Ee
E = Ebola. People being able to read and write slows the spread of infectious diseases like Ebola. Explore the Alphabet of Illiteracy

...is for Ebola

Reading and writing can help stop the spread of infectious diseases. During the 2015 Ebola outbreak, the World Health Organisation operatives in West Africa found illiteracy to be one of the major barriers to educating people on how to contain the disease. Literacy can help change this.

The Globalist (2014)

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In the face of the largest Ebola outbreak ever, Doctors of the World UK set up an Ebola Treatment Centre in Sierra Leone to combat the virus on the front lines. Because literacy rates were so low, they needed to work closely with local volunteers and communities to educate them about Ebola and safe health procedures. Now that Sierra Leone has been declared Ebola-free, the focus must be both on rebuilding health systems and improving literacy and health education, ensuring that an epidemic of this scale never happens again.

In the face of the largest Ebola outbreak ever, Doctors of the World UK set up an Ebola Treatment Centre in Sierra Leone to combat the virus on the front lines. Because literacy rates were so low, they needed to work closely with local volunteers and communities to educate them about Ebola and safe health procedures. Now that Sierra Leone has been declared Ebola-free, the focus must be both on rebuilding health systems and improving literacy and health education, ensuring that an epidemic of this scale never happens again.

Lanphia lives in the Moyamba district, Sierra Leone. His mother died when he was still a boy, leaving his father as the sole supporter of Lanphia and his four siblings.

Five years later the Ebola epidemic began.

In the months after the outbreak, Lanphia, his father and his two brothers all contracted Ebola. After being treated for Ebola, he was the only one to survive.

As a medical student, he decided that he wanted to help people who were suffering from Ebola. He applied to work at the treatment center, and was brought on as a health worker.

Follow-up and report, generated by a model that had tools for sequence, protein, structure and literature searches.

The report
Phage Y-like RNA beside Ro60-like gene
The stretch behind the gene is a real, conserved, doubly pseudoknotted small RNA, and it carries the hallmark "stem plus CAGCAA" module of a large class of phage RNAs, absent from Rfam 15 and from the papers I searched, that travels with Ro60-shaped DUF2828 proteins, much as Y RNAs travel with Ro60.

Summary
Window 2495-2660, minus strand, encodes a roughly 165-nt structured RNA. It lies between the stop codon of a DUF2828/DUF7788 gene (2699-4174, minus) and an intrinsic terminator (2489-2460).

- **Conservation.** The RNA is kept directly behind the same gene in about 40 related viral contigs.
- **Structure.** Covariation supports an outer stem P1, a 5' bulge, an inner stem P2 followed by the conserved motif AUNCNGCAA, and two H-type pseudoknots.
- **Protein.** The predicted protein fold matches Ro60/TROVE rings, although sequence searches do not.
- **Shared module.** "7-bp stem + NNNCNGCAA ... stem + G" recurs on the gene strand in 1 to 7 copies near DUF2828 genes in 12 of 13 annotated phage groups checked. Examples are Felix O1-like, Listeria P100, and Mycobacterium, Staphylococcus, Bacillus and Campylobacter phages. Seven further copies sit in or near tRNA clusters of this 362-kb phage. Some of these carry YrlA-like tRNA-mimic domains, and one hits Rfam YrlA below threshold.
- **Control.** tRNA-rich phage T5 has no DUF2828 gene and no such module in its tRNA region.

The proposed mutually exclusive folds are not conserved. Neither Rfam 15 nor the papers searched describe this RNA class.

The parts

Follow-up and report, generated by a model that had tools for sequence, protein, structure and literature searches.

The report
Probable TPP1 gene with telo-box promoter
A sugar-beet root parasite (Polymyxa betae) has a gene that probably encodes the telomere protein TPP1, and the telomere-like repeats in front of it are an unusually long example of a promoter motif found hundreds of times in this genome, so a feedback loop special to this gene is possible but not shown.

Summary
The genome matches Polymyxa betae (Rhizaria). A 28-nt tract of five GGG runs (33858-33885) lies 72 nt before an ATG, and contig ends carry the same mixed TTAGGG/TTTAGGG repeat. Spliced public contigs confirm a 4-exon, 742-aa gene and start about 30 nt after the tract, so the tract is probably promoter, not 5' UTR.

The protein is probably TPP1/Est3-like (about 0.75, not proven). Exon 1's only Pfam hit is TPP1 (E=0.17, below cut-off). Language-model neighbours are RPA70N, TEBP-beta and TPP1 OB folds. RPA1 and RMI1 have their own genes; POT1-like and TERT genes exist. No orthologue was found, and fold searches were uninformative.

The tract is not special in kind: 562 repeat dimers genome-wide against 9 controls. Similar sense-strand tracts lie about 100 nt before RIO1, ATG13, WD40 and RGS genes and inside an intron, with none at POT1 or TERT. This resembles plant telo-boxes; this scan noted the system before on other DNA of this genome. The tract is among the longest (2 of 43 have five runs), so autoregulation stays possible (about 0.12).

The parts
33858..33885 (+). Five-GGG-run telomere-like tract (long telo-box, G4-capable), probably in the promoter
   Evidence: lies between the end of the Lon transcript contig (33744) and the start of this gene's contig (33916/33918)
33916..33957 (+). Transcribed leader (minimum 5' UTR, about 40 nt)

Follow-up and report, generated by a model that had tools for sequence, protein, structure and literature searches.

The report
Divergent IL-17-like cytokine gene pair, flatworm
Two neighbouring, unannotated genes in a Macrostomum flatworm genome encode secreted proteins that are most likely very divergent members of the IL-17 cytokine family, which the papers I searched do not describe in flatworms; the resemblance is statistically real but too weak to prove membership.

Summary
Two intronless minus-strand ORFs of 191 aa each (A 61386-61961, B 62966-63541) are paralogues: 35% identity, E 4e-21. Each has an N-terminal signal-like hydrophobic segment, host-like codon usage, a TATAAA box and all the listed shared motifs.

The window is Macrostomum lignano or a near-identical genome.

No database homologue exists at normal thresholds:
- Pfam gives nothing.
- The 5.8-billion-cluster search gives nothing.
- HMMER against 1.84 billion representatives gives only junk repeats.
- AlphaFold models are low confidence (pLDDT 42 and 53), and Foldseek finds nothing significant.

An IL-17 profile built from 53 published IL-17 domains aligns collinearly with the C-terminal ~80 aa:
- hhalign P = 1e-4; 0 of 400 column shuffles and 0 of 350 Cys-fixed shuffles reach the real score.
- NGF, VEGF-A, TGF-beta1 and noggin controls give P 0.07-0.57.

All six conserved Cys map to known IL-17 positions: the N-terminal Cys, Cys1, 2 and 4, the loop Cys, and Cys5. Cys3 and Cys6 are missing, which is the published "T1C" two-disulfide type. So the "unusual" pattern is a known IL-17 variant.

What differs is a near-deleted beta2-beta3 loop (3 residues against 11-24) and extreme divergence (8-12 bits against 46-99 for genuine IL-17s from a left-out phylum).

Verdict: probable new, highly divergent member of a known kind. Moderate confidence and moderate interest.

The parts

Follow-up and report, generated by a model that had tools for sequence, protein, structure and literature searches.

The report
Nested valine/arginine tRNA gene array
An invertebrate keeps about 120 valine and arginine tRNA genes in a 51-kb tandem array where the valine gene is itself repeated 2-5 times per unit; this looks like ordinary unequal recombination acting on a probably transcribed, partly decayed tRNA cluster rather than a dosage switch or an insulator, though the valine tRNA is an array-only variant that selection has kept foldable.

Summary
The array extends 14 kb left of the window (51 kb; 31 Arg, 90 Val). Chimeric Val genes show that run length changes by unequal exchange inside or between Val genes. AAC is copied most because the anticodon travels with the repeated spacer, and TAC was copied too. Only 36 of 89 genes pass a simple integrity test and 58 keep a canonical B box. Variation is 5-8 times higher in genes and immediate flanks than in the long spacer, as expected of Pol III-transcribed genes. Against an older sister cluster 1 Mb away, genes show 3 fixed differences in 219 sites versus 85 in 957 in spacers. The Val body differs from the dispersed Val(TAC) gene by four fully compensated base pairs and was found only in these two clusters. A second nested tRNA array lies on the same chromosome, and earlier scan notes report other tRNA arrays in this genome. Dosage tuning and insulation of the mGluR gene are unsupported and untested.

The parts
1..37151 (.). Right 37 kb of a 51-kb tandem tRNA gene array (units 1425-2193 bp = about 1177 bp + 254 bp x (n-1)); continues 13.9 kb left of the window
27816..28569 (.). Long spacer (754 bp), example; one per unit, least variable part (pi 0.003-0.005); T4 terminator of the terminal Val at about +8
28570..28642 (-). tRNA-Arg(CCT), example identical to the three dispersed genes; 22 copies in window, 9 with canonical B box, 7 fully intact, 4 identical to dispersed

Doctors of the World taught him basic medical practice and etiquette so he could effectively relay information to patients who may not understand what was happening.

“I was treating people I knew, and giving hope to people that also knew me, and knew that I have been through Ebola. So I was using that also to talk to them, to give them hope that if they eat and drink a lot of water, then they would survive also, like me.”

Along with feeding and giving water to the infected, Lanphia also helped the patients, reassuring them about the possibility of survival, and counseling them about family and loved ones who had already passed.

Before his father died, he wanted to build a hut where the family could gather and discuss family affairs. Now that Lanphia is the man of the house, he has decided to complete what his father had imagined. He spends his free time building this meeting hut for his family.

Lanphia continues working with Doctors of the World in the aftermath, helping to stabilize the healthcare system in Sierra Leone, as well as continuing with his education.

He plans to write a book about his experiences so that others can learn.

“I want to talk more about ensuring survivors are allowed back in the community, about the reintegration process, people must accept us, there needs to be more education about it. I want to encourage other survivors to join the fight in their own little way.”

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Doctors of the World UK provides healthcare to vulnerable people, wherever we're needed most.
Education is key to empowerment... The high rates of illiteracy create challenges for the effective delivery of health education and promotion activities.
Prof. John Wright
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